Not all Microsoft reshuffles merit a press release, but the latest game of musical chairs at Redmond has one very newsworthy result. Steve Ballmer has taken personal charge of Microsoft's troubled phone and handheld efforts. The chief executive klaxon will now look after the Microsoft wireless and mobile computing division, which previously reported to Bob Muglia.
Taking personal charge means a couple of things: firstly that Microsoft recognizes the importance of wireless. Well, that's obvious enough, but if that's all there was to it then Ballmer would have spun the division into its own veep-dom, much like Brian Valentine's Windows division. The more important message is that he can't trust the job to his existing subordinates, and wants to thump heads.
And the two heads anxiously looking for protective wrapping belong to Ben Waldman and Juha Christensen. A Microsoft spokesman confirmed today that both Veeps keep their existing job titles, but simply report directly to Ballmer.
The PDA portion of this division has been going great guns, particularly in the US, with PocketPCs eating into Palm's market share. But the phone side, which will dwarf PDAs in terms of volume, has struggled to make inroads with the major handset manufacturers. None of the major players, Nokia, Ericsson/Sony or Motorola, has licensed the Smartphone platform Stinger. And The Beast has even seen key wireless alliances fade, most notably its joint venture with Ericsson.
And Ballmer has in the past month seen a powerful and co-ordinated challange emerge from Nokia to license its middleware and key applications under the banner OMA, or Open Mobile Architecture. There's little question that Nokia is firmly in the driving seat right now. And for all the heat about .NET, wireless developers are almost exclusively using Java, a fact recognised by Microsoft licensee Sendo, which has sourced its own MIDP-compatible VM for its Stinger smartphone.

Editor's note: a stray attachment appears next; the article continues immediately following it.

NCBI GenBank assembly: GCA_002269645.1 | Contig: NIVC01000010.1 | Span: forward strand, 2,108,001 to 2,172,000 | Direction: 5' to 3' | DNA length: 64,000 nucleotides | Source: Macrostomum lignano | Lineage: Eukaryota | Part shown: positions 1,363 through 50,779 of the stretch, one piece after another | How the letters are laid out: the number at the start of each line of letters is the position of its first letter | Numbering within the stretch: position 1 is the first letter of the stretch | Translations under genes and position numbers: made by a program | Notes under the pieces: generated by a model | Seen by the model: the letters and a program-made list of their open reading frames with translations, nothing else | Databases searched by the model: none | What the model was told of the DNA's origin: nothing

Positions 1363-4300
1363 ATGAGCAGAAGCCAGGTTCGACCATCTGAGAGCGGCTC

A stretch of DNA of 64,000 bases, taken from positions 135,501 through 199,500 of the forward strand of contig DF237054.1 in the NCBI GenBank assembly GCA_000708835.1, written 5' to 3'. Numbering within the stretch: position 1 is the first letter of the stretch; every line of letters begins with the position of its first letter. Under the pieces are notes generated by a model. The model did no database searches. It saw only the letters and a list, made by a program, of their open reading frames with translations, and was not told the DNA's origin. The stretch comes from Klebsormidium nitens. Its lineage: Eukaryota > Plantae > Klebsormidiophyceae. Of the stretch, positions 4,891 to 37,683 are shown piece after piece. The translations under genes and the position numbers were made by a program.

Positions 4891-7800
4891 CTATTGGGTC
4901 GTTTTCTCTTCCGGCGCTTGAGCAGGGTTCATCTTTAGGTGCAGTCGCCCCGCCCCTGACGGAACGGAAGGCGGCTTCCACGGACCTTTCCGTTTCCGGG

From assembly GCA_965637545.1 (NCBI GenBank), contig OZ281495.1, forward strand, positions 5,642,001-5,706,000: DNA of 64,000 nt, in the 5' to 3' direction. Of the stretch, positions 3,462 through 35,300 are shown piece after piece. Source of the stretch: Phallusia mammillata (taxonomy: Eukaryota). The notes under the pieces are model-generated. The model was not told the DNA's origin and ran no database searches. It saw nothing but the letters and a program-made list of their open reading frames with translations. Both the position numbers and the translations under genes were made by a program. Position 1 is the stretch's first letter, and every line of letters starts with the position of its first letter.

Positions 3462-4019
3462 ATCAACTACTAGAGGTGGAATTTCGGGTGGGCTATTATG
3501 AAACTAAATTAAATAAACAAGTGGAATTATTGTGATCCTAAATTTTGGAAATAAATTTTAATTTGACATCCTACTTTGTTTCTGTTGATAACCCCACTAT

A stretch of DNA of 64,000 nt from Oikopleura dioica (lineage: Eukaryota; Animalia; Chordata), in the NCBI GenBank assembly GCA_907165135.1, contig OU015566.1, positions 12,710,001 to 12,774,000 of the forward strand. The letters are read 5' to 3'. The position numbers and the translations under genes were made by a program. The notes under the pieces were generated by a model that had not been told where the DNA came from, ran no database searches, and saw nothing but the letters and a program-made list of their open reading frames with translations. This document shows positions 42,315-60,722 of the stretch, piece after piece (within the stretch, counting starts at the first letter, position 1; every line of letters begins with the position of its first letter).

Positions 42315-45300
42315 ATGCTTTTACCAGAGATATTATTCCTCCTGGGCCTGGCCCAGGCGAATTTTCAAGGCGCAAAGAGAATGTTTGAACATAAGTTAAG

In the summer, we recommended that Microsoft spin-off its troubled smartphone efforts into a semi-independent division, much in the way that the Xbox games console was given operational autonomy. Ballmer will be able to decide for himself soon enough whether such a drastic step is required.
We only hope Steve doesn't take personal charge of testing the handsets, as most users are less defeaning than Ballmer and he could play havoc with the speaker calibration.
As the other highlight of the reshuffle, Muglia sees his .NET Services job go to David Cole, formerly senior VP of the services platform division, and Muglia gets SQL Server as a consolation prize.
Don't look to the official leadership list on the Microsoft website; at press time today it still lists Bill Neukom as Legal Affairs VP. ®